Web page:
Spent the evening thinking about all the blood that flowed away
Across the ocean to the second chance
I wonder how it got on when it reached the promised land"
Letter From America, The Proclaimers
I recently received two records of my great-great-grandmother, who emigrated to the USA in 1929, from the U.S. Citizenship and Immigration Services Genealogy Section. I already had copies of the passenger list of the ship on which she sailed and her U.S. Naturalization Record Index card downloaded from Ancestry, so wasn’t sure how much new information these records would give, but decided to go ahead and order copies of all records held on her.
I certainly wasn’t disappointed as these records provide new information, details of several other relatives, give answers to some questions I had and, perhaps best of all, include two photographs.
The first record is her Visa File. This includes her Immigration Visa from the American Consular Service in Glasgow, Scotland with photograph, physical description, brief details of her minor children, the name and address of a married sister (her nearest relative in Scotland) and the fact that her ticket was paid for by her ‘intended husband’. Also included is a copy of her birth certificate and the details of when and where she arrived in the USA.
I knew that she had married not long after arriving in America but not for certain that she had gone with the intention of marrying and so this helped to explain her decision to emigrate. Her intended husband was the widower of her elder sister. A fellow Scot, he first went to America in the 1870s and had become a naturalized American Citizen but had returned to Scotland on several occasions, most recently in 1927.
The second record is her ‘C-File’ which includes her Petition for Citizenship and Certificate of Citizenship, granted in 1931. These provide another physical description and photograph, the date of her American marriage and the affidavits of two witnesses. One of the witnesses was a brother who (previously unknown to me) had emigrated to the USA in 1905. I’ve since been able to find a number of records of him online including his gravestone at Find A Grave.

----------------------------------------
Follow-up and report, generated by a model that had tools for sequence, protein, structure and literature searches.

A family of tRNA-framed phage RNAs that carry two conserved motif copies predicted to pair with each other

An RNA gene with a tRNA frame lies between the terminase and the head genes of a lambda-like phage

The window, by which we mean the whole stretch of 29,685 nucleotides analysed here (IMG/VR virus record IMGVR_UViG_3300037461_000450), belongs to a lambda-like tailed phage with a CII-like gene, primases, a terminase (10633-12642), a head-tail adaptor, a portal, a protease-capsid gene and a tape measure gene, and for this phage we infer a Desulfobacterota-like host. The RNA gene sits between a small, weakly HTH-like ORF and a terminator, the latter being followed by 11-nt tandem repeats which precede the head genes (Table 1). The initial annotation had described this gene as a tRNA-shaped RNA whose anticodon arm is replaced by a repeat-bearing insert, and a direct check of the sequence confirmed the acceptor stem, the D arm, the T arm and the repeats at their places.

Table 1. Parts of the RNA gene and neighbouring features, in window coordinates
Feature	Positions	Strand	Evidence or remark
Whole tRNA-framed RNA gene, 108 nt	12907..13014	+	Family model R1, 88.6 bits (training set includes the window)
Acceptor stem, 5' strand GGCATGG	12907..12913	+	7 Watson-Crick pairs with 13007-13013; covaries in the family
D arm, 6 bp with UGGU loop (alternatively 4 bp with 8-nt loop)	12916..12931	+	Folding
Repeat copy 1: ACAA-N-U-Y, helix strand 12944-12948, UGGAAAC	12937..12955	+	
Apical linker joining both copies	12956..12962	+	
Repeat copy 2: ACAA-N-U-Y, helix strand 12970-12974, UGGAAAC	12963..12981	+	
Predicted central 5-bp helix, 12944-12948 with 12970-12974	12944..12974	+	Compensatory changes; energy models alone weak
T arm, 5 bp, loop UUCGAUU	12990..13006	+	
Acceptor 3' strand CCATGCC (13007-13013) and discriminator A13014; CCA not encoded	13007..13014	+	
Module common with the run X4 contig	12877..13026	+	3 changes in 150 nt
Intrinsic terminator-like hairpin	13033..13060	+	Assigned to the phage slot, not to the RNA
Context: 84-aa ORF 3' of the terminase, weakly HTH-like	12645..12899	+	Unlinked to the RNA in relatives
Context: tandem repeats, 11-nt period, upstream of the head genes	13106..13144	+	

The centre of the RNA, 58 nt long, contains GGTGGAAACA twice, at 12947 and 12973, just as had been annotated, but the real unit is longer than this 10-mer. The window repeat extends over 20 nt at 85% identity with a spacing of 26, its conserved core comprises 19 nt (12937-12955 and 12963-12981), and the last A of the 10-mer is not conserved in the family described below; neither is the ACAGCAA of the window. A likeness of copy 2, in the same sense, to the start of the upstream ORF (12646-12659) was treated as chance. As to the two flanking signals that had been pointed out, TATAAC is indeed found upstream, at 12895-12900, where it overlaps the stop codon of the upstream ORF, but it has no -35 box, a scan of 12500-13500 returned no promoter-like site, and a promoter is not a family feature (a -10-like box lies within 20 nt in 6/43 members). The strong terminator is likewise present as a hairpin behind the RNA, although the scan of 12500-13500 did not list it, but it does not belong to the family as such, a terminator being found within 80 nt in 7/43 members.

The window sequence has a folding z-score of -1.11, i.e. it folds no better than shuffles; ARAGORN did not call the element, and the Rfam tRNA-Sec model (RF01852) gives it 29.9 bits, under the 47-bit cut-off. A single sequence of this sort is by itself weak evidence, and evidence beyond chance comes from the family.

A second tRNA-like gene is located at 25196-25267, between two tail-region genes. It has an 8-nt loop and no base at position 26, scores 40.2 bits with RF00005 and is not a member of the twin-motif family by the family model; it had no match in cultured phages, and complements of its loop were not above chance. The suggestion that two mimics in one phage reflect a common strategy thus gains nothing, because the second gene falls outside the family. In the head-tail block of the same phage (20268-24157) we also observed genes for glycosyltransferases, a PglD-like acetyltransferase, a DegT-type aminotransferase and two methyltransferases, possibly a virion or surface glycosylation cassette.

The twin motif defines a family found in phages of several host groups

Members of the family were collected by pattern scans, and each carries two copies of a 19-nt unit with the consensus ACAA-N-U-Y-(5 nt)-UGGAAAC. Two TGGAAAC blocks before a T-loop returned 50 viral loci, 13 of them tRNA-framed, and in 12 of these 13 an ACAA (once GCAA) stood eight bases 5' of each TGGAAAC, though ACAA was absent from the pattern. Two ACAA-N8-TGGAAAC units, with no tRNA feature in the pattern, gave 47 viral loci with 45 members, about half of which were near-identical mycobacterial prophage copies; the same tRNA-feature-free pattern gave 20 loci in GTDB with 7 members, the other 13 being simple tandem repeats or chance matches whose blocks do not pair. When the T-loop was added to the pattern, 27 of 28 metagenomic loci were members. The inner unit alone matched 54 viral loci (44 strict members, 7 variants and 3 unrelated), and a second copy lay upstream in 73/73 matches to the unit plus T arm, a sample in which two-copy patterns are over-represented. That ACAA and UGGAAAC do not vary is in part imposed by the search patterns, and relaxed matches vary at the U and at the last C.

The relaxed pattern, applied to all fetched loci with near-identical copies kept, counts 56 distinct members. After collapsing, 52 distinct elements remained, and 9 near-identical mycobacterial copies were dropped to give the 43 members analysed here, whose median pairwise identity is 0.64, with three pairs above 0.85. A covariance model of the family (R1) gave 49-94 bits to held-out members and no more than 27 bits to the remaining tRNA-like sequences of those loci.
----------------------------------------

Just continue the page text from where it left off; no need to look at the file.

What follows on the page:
The process for obtaining these records involves two steps - firstly an Index Search Request to find out if any records are held on a specific individual, and secondly a Record Copy Request (once you have the relevant file numbers). Details are given in a leaflet here.
It’s not a quick service (it took about 8 months from first submitting my index search request to receiving copies of the records) but in my case was well worth the wait. I’ve had difficulties in ordering records from America in the past (Which town clerk do I write to? How can I send payment in US Dollars? etc.) but in this case, as the request can be made online using a credit card, it is easy to access the service from outside the US. For me, the total cost was $75 US (about £48 GBP), although this will vary depending on the type and number of records held.
I would encourage other UK-based researchers with ancestors or collateral lines who went to America to give the service a try as these records can reveal details not only of a particular individual, but also of their extended family on both sides of the Atlantic.